Do countries learn from experience in infrastructure public–private partnerships? Public–private partnerships practice and contract cancellation

Darwin Marcelo, R. Schuyler House, Cledan Mandri-Perrott, Jordan Z. Schwartz

Abstract


Learning from experience to improve future infrastructure public-private partnerships is a focal issue for policy makers, financiers, implementers, and private sector stakeholders. An extensive body of case studies and “lessons learned” aims to improve the likelihood of success and attempts to avoid future contract failures across sectors and geographies. This paper examines whether countries do, indeed, learn from experience to improve the probability of success of public-private partnerships at the national level. The purview of the paper is not to diagnose learning across all aspects of public-private partnerships globally, but rather to focus on whether experience has an effect on the most extreme cases of public-private partnership contract failure, premature contract cancellation. The analysis utilizes mixed-effects probit regression combined with spline models to test empirically whether general public-private partnership experience has an impact on reducing the chances of contract cancellation for future projects. The results confirm what the market intuitively knows, that is, that public-private partnership experience reduces the likelihood of contract cancellation. But the results also provide a perhaps less intuitive finding: the benefits of learning are typically concentrated in the first few public-private partnership deals. Moreover, the results show that the probability of cancellation varies across sectors and suggests the relative complexity of water public-private partnerships compared with energy and transport projects. An estimated $1.5 billion per year could have been saved with interventions and support to reduce cancellations in less experienced countries (those with fewer than 23 prior public-private partnerships).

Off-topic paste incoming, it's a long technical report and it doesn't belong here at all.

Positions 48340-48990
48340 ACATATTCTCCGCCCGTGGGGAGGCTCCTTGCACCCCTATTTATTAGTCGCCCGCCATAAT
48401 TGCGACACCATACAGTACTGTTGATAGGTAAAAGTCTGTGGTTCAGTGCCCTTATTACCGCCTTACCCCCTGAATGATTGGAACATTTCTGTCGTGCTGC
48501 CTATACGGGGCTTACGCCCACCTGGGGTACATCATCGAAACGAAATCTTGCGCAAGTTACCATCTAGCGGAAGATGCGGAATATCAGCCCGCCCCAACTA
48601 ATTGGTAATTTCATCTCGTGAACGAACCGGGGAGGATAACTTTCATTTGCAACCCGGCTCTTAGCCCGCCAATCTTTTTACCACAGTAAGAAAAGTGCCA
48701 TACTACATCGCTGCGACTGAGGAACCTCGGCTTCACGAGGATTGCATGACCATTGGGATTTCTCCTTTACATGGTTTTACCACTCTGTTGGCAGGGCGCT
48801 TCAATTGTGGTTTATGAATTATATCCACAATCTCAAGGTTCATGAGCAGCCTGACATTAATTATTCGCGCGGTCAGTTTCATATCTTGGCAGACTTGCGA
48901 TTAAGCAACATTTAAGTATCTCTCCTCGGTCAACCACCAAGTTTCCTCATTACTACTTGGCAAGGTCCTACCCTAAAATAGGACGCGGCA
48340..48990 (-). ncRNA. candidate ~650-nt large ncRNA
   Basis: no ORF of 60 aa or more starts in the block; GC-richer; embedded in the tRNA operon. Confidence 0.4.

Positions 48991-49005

Keywords


public–private partnership; contract cancellation; mixed-effect probit model; linear spline; cubic spline

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References


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DOI: http://dx.doi.org/10.24294/jipd.v3i1.1084

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